By JULIA KASSEM, Staff Columnist
Julia Kassem is a staff columnist for the Michigan Journal. Julia’s views do not necessarily reflect those of the Journal.
For Arab American voters seeking refuge from the inflammatory rhetoric and xenophobic fervor of the recent debates, many have their eyes and votes set on the Democratic candidates. Between Hillary Clinton, Bernie Sanders and Martin O’ Malley, all three have supported taking in refugees, as well as have condemned the implied denunciation of Arabs and Muslims. In tandem to their ideological platform, all three belong to the party favored by over half of Arab Americans.
However, foreign policy continues to be a deal breaker for many Arab American voters disillusioned with chronic war overseas. Clinton, having demonstrated a relatively hawkish approach to foreign policy and ardent support of Israel. Her main opponent, Sanders, seems to draw an alternative appeal with promises to “end the quagmire of perpetual warfare in the Middle East.”
Clinton, notorious for supporting the 2003 invasion of Iraq stands in contrast to Sanders who publicly opposed the invasion in 2002 in tandem with desires for more peace and less involvement in the Middle East. Although Clinton opportunistically rendered her past vote as a mistake, the former Secretary of State’s eager support of the 2011 NATO bombings, Israel, and constant calls for sanctions against Iran implicate a foreign policy that leans hawkish through its inconsistency.
Though Sanders demonstrates a little more consistency having been a proponent of less government intervention in the Middle East, many of his attitudes surrounding his views on foreign policy need to be further questioned and reexamined. Economist Paul Krugman’s criticism of Sander’s financial reform proposition shares one thing in common with Clinton’s denunciation of Bernie’s lax attitude towards gun control or criticism of his approach to the Middle East: that he lacks comprehensive plans and, consequently, is remarkably deregulatory in the process.
And perhaps clarity on this issue begs to be asked. While Sanders supports the Iran deal, he continues to hold the conviction that their nuclear program is a significant threat. While Sanders calls for an end to the “endless war” in the Middle East, he hails Jordan’s King Abdallah as a “hero” in the siege against ISIS. Though he says that American troops should not be dying to save Saudi Arabia, Sanders nonetheless supports the efforts of the repressive regimes of Saudi Arabia and the Gulf states in furthering their involvement in the conflict. His suspicions and reservations against Iran as a dangerous proxy power are not at all duplicated against Saudi Arabia, its antithetical proxy hegemony in the Middle East.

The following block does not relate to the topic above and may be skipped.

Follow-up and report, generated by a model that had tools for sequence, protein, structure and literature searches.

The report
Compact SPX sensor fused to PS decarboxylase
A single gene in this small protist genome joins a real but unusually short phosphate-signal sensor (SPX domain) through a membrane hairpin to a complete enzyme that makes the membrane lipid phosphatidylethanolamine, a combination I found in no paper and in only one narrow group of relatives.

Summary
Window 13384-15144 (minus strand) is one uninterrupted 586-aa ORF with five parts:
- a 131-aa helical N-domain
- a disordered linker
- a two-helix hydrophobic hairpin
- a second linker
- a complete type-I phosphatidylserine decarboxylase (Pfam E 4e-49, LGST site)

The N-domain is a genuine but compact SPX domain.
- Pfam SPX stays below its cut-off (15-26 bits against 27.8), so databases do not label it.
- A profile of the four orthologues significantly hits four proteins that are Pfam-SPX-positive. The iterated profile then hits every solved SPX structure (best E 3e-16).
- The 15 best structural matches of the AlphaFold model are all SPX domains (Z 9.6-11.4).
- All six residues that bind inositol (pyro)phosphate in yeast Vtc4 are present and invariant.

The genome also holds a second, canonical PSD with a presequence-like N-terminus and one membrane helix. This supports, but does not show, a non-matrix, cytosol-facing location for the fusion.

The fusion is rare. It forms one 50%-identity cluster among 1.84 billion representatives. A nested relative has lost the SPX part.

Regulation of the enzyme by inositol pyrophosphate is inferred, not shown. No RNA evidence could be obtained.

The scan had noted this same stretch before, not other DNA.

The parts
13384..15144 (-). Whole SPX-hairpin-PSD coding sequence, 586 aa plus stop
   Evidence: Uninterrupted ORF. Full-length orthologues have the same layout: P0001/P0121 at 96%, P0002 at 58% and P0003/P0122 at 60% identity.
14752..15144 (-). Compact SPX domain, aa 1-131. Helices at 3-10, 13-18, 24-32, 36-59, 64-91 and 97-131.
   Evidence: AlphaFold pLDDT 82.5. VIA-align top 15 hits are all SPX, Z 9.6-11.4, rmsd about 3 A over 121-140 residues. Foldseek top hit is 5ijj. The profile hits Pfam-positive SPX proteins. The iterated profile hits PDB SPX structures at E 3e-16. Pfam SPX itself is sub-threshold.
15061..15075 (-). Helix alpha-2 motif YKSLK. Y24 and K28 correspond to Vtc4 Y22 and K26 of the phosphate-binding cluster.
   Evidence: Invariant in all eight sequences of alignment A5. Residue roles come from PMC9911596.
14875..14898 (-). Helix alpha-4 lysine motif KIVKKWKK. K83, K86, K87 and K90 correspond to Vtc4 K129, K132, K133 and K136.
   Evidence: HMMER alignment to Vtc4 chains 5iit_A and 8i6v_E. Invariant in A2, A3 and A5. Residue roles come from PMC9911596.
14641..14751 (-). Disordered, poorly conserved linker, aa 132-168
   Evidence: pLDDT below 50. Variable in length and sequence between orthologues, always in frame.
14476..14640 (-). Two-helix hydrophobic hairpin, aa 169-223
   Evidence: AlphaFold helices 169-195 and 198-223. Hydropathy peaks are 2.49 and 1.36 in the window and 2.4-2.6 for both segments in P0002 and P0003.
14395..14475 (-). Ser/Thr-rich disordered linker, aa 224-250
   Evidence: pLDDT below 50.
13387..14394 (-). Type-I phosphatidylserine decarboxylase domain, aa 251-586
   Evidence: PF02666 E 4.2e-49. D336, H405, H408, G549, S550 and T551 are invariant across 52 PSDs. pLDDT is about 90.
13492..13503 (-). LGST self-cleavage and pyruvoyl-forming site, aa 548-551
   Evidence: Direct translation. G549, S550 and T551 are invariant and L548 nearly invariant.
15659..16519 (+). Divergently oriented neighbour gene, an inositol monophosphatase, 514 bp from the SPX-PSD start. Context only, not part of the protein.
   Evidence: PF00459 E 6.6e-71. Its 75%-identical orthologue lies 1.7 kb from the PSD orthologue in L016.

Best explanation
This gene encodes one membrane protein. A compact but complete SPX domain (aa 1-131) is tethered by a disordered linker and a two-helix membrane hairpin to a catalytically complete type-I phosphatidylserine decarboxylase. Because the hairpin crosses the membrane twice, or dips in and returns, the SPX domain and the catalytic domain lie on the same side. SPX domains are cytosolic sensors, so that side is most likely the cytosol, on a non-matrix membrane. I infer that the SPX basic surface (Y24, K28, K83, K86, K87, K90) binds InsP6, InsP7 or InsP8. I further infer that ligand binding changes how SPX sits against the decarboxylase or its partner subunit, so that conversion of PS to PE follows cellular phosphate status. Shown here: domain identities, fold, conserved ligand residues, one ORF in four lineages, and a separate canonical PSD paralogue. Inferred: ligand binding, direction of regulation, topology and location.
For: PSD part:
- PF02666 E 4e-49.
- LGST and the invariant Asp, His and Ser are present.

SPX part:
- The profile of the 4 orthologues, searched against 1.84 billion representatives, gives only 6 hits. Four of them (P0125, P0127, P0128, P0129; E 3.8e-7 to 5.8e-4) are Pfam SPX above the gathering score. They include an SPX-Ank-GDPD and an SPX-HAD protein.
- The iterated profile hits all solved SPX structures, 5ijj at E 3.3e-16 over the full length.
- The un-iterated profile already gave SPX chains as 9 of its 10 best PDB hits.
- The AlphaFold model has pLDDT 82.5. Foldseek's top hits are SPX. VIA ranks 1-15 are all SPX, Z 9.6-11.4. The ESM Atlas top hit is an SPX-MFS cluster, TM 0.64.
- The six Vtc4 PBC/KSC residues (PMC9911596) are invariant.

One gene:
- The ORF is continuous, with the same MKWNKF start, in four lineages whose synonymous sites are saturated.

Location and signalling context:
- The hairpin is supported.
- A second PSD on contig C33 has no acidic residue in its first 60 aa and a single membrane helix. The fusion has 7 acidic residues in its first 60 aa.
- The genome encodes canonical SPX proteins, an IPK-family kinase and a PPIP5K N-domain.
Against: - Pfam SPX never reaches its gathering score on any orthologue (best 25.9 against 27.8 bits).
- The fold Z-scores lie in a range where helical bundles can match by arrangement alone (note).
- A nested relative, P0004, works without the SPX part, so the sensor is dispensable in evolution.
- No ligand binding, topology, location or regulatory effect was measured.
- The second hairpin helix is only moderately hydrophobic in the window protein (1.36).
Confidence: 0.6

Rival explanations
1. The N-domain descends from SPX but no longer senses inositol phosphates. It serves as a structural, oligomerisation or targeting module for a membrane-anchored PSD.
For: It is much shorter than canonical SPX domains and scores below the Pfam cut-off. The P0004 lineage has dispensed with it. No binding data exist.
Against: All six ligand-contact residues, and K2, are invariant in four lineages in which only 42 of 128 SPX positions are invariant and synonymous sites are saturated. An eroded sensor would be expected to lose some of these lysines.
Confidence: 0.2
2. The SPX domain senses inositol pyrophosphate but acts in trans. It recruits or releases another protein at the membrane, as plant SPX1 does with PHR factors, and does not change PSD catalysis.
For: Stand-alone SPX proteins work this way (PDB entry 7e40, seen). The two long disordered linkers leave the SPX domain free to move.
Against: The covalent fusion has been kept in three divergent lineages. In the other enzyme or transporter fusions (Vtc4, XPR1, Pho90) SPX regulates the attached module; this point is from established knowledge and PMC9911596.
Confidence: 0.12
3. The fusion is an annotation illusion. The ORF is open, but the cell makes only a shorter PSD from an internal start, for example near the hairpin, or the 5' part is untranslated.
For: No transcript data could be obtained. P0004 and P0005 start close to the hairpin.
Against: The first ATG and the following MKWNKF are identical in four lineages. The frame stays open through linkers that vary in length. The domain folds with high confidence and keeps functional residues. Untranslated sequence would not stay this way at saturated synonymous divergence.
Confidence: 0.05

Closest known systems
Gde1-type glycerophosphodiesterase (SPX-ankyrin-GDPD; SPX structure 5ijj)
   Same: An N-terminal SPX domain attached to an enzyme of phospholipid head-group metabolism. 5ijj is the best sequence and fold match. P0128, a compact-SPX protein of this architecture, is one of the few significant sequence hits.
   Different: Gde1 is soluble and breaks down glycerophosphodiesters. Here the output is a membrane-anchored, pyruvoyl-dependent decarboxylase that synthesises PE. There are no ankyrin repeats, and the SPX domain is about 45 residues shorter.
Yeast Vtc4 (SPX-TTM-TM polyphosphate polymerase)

Probably the most notorious of Sander’s surprising foreign policy views is his support of Israel. While he has equivocated remarking about the “complicated” issue, opting to rehash the “two state solution” argument as both Clinton and O’Malley have put forward, it is concerning that Sanders overly favors the state characterized by illegal occupation, apartheid, and disproportionate use of force—policies indicative of values Sanders allegedly vehemently opposes. He has repeatedly defended Israel’s right to exist, and even defended Israel’s war in summer of 2014, resulting in a heated confrontation between the candidate and an audience at a town hall discussion.
Sanders allegedly spent some time on an Israeli Kibbutz in the 1960s, showing how the candidate’s ardent support of Israel goes pretty far back. And to this election cycle, his repeated support of Tel Aviv stands stronger than his casual remarks that suggested maybe Israel took it too far, and his support is further demonstrated through his commitment to help uphold Israel’s “right to defend itself” despite reservations against Netanyahu.
Though Sanders is prided for his political and ideological consistency, perhaps his views all too often lack in clarity and conviction. Nonetheless, Sanders remains a candidate every bit as responsive and receptive to the public as he is authentic and ardent in his word. Perhaps even just the right question, can answer the rhetorical question Boston’s Students for Justice in Palestine raised upon a banner: “Can You Feel The Bern for Palestine?”